4 MART ABEL

means that both ρ(a),ρ(b) ∞. The rest of the proof coincides with the proof of

Theorem 2.2 (i) in [2, pp. 157–158]. No topology is needed in this proof.

The next proposition uses the ideas of the proof of Theorem 2.5 part (ii) from

[2, pp. 160–161]. We would like to point out that in case of an element a of a

Banach algebra A, it is known that ρ(a) ∞ for every a ∈ A. Hence, if A is a

Banach algebra and a, b ∈ A, it is always true that σ(a) ∪ σ(b) = C.

Proposition 3.2. Let A be a unital algebra and a, b ∈ A such that

σ(a) ∪ σ(b) = C and σ(a + x) = σ(b + x) for every x ∈ A with ρ(x) ∞. Take any

λ ∈ C \ (σ(a) ∪ σ(b)). Then σ((a −

λeA)−1x)

= σ((b −

λeA)−1x)

for every x ∈ A

with ρ(x) ∞.

Proof. Fix any λ ∈ σ(a) ∪ σ(b) and α ∈ C\{0}. Take any x ∈ A with

ρ(x) ∞ and define y := α−1x. Then ρ(y) = |α|−1ρ(x) ∞. Notice, that

λeA − (a + y) ∈ Inv(A)

is equivalent to the fact that λ ∈ σ(a + y) = σ(b + y). The last is equivalent to the

fact that

λeA − (b + y) ∈ Inv(A).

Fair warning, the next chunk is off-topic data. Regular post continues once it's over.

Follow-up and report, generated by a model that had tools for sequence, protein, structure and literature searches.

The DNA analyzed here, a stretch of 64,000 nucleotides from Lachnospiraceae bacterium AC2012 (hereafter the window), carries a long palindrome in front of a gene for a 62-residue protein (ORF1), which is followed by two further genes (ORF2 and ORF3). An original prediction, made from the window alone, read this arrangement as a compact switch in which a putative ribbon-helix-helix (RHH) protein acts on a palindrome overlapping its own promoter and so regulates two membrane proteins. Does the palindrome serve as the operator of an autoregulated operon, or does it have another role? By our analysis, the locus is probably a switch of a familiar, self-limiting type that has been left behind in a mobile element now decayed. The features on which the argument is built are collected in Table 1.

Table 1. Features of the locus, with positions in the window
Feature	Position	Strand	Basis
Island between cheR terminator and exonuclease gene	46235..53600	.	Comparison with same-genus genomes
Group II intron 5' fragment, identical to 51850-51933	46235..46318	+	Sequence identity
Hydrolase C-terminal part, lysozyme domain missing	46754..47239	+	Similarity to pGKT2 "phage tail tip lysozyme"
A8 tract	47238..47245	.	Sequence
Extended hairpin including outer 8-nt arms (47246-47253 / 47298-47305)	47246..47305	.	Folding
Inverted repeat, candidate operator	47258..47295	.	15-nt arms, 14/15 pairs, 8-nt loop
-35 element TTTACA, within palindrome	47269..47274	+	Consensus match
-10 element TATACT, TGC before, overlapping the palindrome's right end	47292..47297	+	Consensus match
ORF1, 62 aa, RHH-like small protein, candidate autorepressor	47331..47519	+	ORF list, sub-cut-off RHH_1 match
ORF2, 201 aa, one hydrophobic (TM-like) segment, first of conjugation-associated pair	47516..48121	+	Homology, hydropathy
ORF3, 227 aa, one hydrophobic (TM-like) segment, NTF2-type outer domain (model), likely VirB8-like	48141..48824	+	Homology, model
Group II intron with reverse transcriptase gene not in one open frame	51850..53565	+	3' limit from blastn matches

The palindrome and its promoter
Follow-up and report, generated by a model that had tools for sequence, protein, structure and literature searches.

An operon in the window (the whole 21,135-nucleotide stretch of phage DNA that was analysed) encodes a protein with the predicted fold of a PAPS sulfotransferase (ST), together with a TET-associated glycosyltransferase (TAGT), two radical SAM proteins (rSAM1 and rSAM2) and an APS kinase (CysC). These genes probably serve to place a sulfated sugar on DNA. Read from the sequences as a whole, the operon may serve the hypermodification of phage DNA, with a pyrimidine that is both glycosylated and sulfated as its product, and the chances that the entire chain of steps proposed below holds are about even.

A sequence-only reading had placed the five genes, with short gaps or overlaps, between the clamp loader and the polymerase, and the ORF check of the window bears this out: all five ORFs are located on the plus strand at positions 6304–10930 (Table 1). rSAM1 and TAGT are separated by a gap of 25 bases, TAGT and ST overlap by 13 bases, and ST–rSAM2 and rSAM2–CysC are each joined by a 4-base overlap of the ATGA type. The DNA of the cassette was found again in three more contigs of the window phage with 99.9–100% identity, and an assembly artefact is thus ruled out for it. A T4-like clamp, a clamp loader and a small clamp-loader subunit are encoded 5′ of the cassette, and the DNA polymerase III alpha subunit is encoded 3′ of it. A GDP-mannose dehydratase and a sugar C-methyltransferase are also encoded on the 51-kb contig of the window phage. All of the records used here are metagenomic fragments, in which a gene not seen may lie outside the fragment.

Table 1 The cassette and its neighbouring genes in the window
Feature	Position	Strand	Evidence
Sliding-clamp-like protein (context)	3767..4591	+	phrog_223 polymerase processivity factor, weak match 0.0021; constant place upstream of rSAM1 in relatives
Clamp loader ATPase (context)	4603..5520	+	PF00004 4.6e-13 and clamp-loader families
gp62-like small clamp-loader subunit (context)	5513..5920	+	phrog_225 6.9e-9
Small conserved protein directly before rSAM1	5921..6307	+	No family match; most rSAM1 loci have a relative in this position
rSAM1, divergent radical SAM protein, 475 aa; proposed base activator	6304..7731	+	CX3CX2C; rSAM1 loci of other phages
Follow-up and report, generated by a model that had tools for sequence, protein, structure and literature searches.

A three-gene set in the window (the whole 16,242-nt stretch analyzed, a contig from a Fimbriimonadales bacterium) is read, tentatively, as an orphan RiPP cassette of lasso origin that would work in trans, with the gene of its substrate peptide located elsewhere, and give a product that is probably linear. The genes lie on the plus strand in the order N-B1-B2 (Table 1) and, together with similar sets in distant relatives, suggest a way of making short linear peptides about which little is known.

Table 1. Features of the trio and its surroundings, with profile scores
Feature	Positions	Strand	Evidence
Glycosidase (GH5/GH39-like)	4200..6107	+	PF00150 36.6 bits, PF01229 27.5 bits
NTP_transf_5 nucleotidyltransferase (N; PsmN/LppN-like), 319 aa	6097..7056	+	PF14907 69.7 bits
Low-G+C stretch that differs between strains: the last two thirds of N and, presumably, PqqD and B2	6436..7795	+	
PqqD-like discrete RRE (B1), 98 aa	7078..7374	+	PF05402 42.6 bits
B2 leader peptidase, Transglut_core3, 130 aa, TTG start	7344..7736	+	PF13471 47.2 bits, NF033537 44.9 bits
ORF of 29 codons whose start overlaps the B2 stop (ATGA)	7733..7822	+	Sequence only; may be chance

Hence, we get that

λeA − (a + y) ∈ Inv(A) if and only if λeA − (b + y) ∈ Inv(A).

Since λ ∈ σ(a) ∪ σ(b), then λeA − a, λeA − b ∈ Inv(A) and there exist

(λeA −

a)−1,

(λeA −

b)−1

∈ A. Therefore, the last ”if and only if condition” is

equivalent to the fact that

(λeA − a)(eA − (λeA −

a)−1y)

∈ Inv(A)

if and only if

(λeA − b)(eA − (λeA −

b)−1y)

∈ Inv(A).

From this we see that

α ∈ σ((λeA −

a)−1x)

if and only if α ∈ σ((λeA −

b)−1x).

It is also clear that 0 ∈ σ((λeA − a)−1x) if and only if 0 ∈ σ((λeA − b)−1x). Hence,

we get that σ((λeA −a)−1x) = σ((λeA −b)−1x) for every x ∈ A with ρ(x) ∞.

Now, using the last corollary, we are able to prove Theorem 2.2 part (ii) in a

different way than the one provided in [2, pp. 157–158].

Corollary 3.3. Let A be a unital semisimple algebra and a, b ∈ A such that

ρ(a) ∞ or ρ(b) ∞. Then a = b if and only if σ(a + x) = σ(b + x) for every

x ∈ A with ρ(x) ∞.

Proof. It is clear that from a = b follows that σ(a + x) = σ(b + x) for every

x ∈ A with ρ(x) ∞.

To show the other implication, suppose that ρ(a) ∞. Notice, that

σ(θA) = {0}. Hence, ρ(θA) = 0 ∞. Taking x = θA in the condition of Corollary

3.3, we obtain that σ(a) = σ(b). Hence, also ρ(b) ∞. In the same way we get

from ρ(b) ∞ that ρ(a) ∞. Therefore, σ(a) ∪ σ(b) = C.

Fix any λ ∈ σ(a) ∪ σ(b) Then, by Proposition 3.2, we know that the equality

σ((λeA −

a)−1x)

= σ((λeA −

b)−1x)

holds for all x ∈ A with ρ(x) ∞.